Good news for ALL the people!
Turns out we aren’t the only ones that think Jerusalem is a special place. Our visit to the Temple Mount provided any proof we needed to know that multitudes are drawn to this city, We were a part of today’s multitude along with other Christians, many Jews, and many Muslims. Dan reminded us that this special spot started with a biblical story that can be difficult to understand. It is the story of when Abraham brought Isaac to Mount Moriah to sacrifice him, before God put a stop to it. Dan helped us to understand how this was an important moment in the history of mankind as Abraham put all pagan practice in the rear-view mirror and completely trusted God.
We were able to witness decade after decade of construction followed by destruction. We were able to garner more information about the history of this place as it pertained to Islam, Judaism, and Christianity. We learned about David making this the capital of Judah. We were able to walk in the Rabbinic Tunnels that exposed parts of the Western Wall that dated back to ancient times. Touching these walls helped us to understand the massive undertaking Herod the Great took on to build a flat area on the mountain for the temple.
We were also witnesses to just how important the Western Wall is to the Jewish people. We watched them pray at, what is to them, the most holy place on earth. We were not just witnesses, however, and took time to offer our own prayers along the wall.
The Western Wall is the most holy place accessible to the Jewish people because of Muslim control of the Temple Mount. Known in recent centuries as the “Wailing Wall,” this was built by Herod the Great as the retaining wall of the Temple Mount complex. The plaza was created as an area for prayer when Israel captured the Old City in 1967. At times tens of thousands of people gather here for prayer.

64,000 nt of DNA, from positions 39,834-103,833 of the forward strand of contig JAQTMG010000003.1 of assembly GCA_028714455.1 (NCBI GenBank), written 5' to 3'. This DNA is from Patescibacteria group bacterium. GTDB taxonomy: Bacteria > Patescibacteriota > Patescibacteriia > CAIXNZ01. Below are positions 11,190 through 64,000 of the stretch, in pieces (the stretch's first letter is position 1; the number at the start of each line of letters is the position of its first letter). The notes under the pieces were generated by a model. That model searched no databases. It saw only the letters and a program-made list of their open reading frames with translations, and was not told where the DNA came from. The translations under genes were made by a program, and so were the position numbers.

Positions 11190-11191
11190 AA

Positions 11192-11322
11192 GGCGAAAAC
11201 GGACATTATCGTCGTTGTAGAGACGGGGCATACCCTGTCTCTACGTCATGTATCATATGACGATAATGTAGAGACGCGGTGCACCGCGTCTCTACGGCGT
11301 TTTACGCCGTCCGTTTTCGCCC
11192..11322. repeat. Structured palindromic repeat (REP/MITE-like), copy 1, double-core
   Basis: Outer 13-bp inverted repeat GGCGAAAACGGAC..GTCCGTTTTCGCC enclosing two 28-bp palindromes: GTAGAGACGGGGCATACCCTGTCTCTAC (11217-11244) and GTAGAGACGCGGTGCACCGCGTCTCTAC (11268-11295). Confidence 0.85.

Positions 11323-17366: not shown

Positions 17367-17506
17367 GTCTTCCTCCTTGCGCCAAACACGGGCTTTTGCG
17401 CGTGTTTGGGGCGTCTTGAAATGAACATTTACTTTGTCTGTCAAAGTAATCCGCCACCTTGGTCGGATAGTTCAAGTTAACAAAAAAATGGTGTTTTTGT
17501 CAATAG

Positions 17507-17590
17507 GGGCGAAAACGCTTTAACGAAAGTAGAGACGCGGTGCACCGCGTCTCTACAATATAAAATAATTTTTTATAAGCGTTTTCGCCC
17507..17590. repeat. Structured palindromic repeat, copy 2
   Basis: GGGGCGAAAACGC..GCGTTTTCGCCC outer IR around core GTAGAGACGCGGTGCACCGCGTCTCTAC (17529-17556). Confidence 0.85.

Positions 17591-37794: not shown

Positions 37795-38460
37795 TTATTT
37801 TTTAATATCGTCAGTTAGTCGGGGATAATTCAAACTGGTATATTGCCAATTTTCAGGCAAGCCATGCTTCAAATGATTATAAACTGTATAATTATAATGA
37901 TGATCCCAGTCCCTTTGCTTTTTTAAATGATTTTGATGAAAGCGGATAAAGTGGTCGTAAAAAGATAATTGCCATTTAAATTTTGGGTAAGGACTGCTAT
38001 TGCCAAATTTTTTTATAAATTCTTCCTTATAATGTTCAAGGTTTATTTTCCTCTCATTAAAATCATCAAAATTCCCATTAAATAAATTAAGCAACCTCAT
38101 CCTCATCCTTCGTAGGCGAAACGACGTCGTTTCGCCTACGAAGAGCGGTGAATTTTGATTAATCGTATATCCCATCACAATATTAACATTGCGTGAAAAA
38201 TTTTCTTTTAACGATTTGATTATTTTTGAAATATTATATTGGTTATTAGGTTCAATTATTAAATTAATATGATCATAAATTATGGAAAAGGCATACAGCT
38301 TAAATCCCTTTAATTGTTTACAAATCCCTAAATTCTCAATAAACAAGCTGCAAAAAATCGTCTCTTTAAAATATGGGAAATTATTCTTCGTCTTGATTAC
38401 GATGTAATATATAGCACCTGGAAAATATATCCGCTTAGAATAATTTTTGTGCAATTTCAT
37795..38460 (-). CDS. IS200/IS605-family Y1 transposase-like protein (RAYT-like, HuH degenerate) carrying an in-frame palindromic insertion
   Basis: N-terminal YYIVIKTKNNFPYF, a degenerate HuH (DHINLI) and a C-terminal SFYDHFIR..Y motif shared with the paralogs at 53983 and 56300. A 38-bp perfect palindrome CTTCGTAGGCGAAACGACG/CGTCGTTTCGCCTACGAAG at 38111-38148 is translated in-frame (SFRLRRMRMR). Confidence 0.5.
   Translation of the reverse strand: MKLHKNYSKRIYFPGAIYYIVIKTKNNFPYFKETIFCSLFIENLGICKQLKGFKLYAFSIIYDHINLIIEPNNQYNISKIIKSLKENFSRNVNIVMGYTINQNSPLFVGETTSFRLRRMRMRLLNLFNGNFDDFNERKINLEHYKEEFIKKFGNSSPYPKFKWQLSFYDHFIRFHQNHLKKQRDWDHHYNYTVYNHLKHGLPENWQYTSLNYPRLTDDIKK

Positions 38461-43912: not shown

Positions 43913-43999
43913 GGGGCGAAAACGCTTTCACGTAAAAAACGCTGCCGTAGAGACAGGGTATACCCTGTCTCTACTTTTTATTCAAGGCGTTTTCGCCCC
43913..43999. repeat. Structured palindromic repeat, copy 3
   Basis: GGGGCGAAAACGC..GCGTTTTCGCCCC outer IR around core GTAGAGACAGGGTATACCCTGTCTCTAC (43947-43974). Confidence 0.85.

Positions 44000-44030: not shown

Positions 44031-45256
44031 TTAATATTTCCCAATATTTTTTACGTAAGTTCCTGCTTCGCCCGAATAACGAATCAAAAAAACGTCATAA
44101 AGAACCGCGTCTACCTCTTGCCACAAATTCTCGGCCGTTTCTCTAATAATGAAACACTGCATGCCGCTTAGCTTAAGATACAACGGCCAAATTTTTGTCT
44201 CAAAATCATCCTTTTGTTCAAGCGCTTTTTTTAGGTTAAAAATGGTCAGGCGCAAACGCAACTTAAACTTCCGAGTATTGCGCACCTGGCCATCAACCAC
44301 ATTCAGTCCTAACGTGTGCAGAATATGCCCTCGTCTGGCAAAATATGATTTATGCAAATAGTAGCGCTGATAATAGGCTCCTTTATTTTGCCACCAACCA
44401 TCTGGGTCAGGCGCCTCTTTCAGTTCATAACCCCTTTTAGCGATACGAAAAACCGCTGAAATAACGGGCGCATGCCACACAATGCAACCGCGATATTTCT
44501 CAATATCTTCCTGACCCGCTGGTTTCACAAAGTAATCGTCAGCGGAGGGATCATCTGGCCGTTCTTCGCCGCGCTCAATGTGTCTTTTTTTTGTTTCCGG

Leaving Jerusalem, we made our way to Herodium. This is another one of Herod the Great’s impressive architectural sites. But, what sets Herodium apart from the others is this was the final resting place for King Herod as it was a special place to him.
Herodium is 3 miles southeast of Bethlehem and 8 miles south of Jerusalem. Its summit is 2,460 feet above sea level.
Herod built or re-built eleven fortresses. This one he constructed on the location of his victory over Antigonus in 40 BC.
Next, we were able to visit Bethlehem, but even more, we were hosted by Christians that still call Bethlehem home even though many Christians have had to leave. We were treated to a delicious lunch and spent some time shopping in the bazaar. It was a great way to encourage the local Christians.
Biblical scholars believe Bethlehem, located in the "hill country" of Judah, may be the same as the Biblical Ephrath which means "fertile", as there is a reference to it in the Book of Micah as Bethlehem Ephratah. The Bible also calls it Beth-Lehem Judah,and the New Testament describes it as the "City of David". It is first mentioned in the Bible as the place where the matriarch Rachel died and was buried "by the wayside" (Gen. 48:7). Rachel's Tomb, the traditional grave site, stands at the entrance to Bethlehem. According to the Book of Ruth, the valley to the east is where Ruth of Moab gleaned the fields and returned to town with Naomi. It was the home of Jesse, father of King David of Israel, and the site of David's anointment by the prophet Samuel. It was from the well of Bethlehem that three of his warriors brought him water when he was hiding in the cave of Adullam.
Finally, we made our way to the shepherd fields and thought about what it would be like to be watching your flocks just outside the city of Bethlehem as the savior of the world is being born,. Even more, what would it mean to hear the angelic pronouncement about this birth and to be invited to bear witness to the incarnation. We learned that the shepherds most likely made shelter in the caves in these hills, and were able to look at some possible locations where the shepherds of Luke 2 might have been.
As we imagined these good shepherds looking upon THE Good Shepherd, God with us, we were a good distance from the hustle and bustle of the holy city of Jerusalem. This was a great reminder that whether you are gazing at ornate temple art, leaning into a special wall, or looking at a field where shepherds tend to their flocks, God is here. God is with us, and we need nothing more than this to make any dwelling, cave, or palace holy.